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There is a fundamental difference between the Gross Value of Output currently used in the calculation and the Output Value at the Mine Shaft Head, which does not include added-value stemming from processing, transportation, handling, storage and marketing of a mineral substance or that stemming from the processing of mine tailings. The Output Value at the Mine Shaft Head in fact corresponds to the value of the mineral substance once extracted from Quebec soil but before any other activity.

We are therefore far from the gross value to which the Government wanted to apply a 5% royalty before public consultations were held.

Note that the amount of C$80-million subject to the 1% rate will have to be shared among associated Operators within the meaning of the Taxation Act.

TABLE 4

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An Operator's Output Value at the Mine Shaft Head, for a fiscal year, in respect of a mine operated by the Operator may in no event be less than 10% of the Operator's Gross Value of Output. In other words, if, due to a decline in metal prices or through the combination of allowances and deductions mentioned above, the Output Value at the Mine Shaft Head is nil or negative, the progressive royalties of 1% and 4%, if applicable, will apply to an amount equal to 10% of the Gross Value of Output. No one may claim that such a taxation structure will not affect the financial health and survival of small operators already operating at a loss, due in particular to market conditions.

TABLE 5

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The changes to the parameters of the Processing Allowance used to determine the Enhanced Processing Allowance an Operator may deduct in calculating the Operator's Annual Earnings will apply with necessary modificationsto the calculation of the Operator's Adjusted Loss for purposes of the Credit on Duties Refundable for Losses indicated at the end of section 1.

  1. The Mining Tax on Profits

Except for the tax rates, almost all parameters used in calculating the Mining Tax on Profits come from the current Mining Tax Act. Only two aspects of the Annual Earnings will change. The calculation of the Annual Profit, as described above in this article, remains the same.

  1. Annual Earnings

The main change is the replacement of the Processing Allowance by the Enhanced Processing Allowance. See Table #5 for details.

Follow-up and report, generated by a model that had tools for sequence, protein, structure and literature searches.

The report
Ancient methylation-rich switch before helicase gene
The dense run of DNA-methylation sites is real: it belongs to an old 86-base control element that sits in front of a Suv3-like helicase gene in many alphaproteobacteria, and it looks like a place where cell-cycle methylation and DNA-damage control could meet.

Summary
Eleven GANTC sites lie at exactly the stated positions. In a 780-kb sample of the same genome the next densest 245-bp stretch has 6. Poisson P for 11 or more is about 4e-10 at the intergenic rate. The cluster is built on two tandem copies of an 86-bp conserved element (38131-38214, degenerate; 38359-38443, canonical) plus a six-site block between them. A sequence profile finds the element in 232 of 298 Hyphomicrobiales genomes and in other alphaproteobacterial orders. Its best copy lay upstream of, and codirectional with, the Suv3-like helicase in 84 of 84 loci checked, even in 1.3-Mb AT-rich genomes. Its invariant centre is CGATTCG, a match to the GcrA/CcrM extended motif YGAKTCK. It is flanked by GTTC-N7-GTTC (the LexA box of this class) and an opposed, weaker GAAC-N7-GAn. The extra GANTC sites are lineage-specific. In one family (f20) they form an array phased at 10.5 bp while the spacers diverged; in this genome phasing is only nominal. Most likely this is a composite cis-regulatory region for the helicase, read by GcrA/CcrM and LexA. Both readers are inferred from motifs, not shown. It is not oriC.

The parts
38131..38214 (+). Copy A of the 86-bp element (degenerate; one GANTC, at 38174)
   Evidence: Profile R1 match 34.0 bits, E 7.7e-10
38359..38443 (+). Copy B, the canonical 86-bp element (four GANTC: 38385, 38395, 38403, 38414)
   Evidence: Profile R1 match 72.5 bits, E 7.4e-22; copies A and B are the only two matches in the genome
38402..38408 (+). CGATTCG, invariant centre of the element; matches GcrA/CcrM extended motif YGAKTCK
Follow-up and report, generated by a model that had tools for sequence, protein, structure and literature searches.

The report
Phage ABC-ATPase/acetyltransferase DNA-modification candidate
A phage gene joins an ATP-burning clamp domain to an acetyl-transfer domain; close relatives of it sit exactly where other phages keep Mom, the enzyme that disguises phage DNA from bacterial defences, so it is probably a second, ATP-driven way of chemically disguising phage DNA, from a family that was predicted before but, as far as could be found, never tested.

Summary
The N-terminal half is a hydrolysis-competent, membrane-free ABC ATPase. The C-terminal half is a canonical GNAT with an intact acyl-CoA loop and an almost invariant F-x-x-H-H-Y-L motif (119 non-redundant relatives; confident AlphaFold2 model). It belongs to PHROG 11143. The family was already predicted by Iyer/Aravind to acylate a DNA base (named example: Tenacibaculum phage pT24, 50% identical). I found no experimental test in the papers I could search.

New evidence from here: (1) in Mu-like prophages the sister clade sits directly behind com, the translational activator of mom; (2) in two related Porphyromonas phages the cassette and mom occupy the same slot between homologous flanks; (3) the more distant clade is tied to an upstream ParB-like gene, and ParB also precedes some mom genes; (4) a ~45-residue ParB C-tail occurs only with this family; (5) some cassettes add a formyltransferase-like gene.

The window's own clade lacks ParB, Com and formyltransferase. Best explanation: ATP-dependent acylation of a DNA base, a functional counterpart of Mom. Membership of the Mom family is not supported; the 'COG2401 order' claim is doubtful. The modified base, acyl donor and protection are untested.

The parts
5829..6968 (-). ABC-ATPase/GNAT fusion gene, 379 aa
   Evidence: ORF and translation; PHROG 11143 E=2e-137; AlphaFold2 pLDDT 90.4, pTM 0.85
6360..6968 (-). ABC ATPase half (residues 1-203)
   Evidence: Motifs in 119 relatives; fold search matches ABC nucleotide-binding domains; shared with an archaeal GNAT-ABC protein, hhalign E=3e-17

Moreover, the introduction of new classes for Post-Extraction Property (i.e., Class 1A, 2A, 3A and 4A property) will necessarily have an impact with respect to the recapture of depreciation, allowances and terminal losses. For example, the new Depreciation Allowance for Post-Extraction Property will only be available where the Class 1-4 Depreciation Allowance is no longer available (i.e., the Class 1 to 4 property will have been completely depreciated).

All other deductions and allowances currently available in connection with the calculation of the Annual Earnings will remain available, including (i) the Operating Expenses, (ii) the allowance for post-production development expenses, (iii) the Additional Depreciation Allowance, (iv) the Terminal Loss on Depreciable Property, (v) the Northern Allowance, (vi) the Northern Quebec Allowance or (vii) the deduction for amounts paid by the Operator for the rehabilitation of land that has been or is being used to operate the mine.

  1. Applicable Tax Rates

The single tax rate of 16% for determining the Mining Tax on Profits will be replaced by progressive tax rates ranging from 16% to 28%, based on the Operator's profit margin:

  • up to 35% profit margin: 16%
  • 35% to 50% profit margin: 22%
  • 50% to 100% profit margin: 28%

The definition of an Operator's "profit margin" should be the Annual Profit divided by the Gross Value of Output for all mines operated by the Operator.

  1. Credit on Duties Refundable for Losses (16%)

Changes will be made to the calculation of the Adjusted Loss (component of the calculation of the Credit on Duties Refundable for Losses) to take into account the Enhanced Processing Allowance replacing the Processing Allowance.

  1.  The Minimum Mining Tax – A True "Minimum" Tax?

 

  1. Impact of the New Non-Refundable Minimum Tax Credit

As mentioned above, an Operator will have to pay mining taxes equal to the greater of the Minimum Mining Tax and the Mining Tax on Profits. Where the Minimum Mining Tax exceeds the Mining Tax on Profits, the excess may be carried forward over future years and applied against future Mining Tax on Profits during the years in which this tax is greater than the Minimum Mining Tax, in the form of a "non-refundable credit on account of the Minimum Mining Tax" (the "Minimum Mining Tax Credit").